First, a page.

November 7, 2013

Case File #013.11.07: AUTUMN

The roots of the noun autumn wind all the way back to the Latin autumnus, which meant “harvest time.” The Latin passed into Old French as autompne, and in the late fourteenth century, Middle English borrowed the Old French term but altered its form to autumpne. Then around 1590, roughly a century after Middle English gave way to modern English, the word's spelling changed again to become the contemporary autumn. The synonym fall, which is now used primarily in the United States and is there the more popular way of referring to the harvest season, first appeared in the mid-seventeenth century. It came about as a shortening of the phrase fall of the leaf, an obvious though still somewhat poetic alternative to autumn that had been in common use since circa 1540.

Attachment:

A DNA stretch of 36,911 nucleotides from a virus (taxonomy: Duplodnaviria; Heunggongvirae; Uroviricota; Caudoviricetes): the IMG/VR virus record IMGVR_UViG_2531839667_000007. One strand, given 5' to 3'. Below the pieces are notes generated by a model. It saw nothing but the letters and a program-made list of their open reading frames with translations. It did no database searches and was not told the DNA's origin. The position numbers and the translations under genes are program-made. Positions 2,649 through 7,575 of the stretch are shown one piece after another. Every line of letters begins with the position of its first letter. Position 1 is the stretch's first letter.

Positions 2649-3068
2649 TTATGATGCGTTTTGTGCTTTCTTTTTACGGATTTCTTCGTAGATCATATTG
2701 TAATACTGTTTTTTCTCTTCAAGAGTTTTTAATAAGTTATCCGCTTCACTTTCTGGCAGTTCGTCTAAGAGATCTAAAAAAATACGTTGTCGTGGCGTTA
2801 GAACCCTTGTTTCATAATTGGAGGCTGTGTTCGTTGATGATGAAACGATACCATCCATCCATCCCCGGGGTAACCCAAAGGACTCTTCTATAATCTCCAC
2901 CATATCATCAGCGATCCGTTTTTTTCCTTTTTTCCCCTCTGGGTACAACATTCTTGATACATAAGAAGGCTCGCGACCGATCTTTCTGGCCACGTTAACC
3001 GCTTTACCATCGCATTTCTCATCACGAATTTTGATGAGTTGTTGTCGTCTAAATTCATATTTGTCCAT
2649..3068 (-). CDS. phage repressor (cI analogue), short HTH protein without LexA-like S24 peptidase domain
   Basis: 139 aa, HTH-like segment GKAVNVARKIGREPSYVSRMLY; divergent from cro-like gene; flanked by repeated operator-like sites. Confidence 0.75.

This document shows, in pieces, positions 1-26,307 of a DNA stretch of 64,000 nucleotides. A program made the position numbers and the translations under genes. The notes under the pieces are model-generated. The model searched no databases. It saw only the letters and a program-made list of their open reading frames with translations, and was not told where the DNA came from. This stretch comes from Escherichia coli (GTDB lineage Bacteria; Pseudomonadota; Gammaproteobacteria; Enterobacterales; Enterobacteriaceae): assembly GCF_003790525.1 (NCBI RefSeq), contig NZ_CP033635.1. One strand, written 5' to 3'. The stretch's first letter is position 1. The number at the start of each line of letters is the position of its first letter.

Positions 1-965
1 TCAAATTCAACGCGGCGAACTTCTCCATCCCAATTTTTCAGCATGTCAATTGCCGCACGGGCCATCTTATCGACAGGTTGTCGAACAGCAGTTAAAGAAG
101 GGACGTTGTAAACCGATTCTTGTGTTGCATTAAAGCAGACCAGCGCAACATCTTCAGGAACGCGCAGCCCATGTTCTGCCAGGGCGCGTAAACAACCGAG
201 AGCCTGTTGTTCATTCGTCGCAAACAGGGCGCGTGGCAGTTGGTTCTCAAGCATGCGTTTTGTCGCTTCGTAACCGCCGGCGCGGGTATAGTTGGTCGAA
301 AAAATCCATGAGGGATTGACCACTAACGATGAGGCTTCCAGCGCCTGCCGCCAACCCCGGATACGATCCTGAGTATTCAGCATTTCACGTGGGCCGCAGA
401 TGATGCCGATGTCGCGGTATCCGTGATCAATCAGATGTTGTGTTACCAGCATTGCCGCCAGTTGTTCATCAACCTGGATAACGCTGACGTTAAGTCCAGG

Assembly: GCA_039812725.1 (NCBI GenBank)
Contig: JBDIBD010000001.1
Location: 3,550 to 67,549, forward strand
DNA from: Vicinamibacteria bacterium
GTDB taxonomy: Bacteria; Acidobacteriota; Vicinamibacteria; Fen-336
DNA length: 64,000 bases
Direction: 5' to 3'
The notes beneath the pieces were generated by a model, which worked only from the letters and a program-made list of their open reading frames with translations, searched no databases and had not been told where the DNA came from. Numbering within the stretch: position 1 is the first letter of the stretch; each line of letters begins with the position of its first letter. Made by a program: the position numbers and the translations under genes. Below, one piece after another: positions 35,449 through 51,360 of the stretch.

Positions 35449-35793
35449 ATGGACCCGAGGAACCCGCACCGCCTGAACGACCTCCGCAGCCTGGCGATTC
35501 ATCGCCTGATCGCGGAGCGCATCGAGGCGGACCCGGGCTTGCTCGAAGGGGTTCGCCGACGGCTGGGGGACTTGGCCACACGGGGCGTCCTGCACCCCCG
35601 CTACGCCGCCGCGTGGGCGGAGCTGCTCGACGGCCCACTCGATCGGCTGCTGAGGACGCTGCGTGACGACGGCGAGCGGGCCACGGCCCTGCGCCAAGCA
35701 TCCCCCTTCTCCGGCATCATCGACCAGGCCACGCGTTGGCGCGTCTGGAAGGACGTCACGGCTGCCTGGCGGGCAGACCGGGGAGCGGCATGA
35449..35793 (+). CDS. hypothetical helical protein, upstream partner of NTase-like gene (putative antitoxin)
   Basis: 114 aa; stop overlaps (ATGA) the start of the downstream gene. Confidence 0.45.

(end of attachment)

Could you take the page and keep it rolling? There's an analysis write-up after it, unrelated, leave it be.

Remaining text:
©2013 Michael R. Gates

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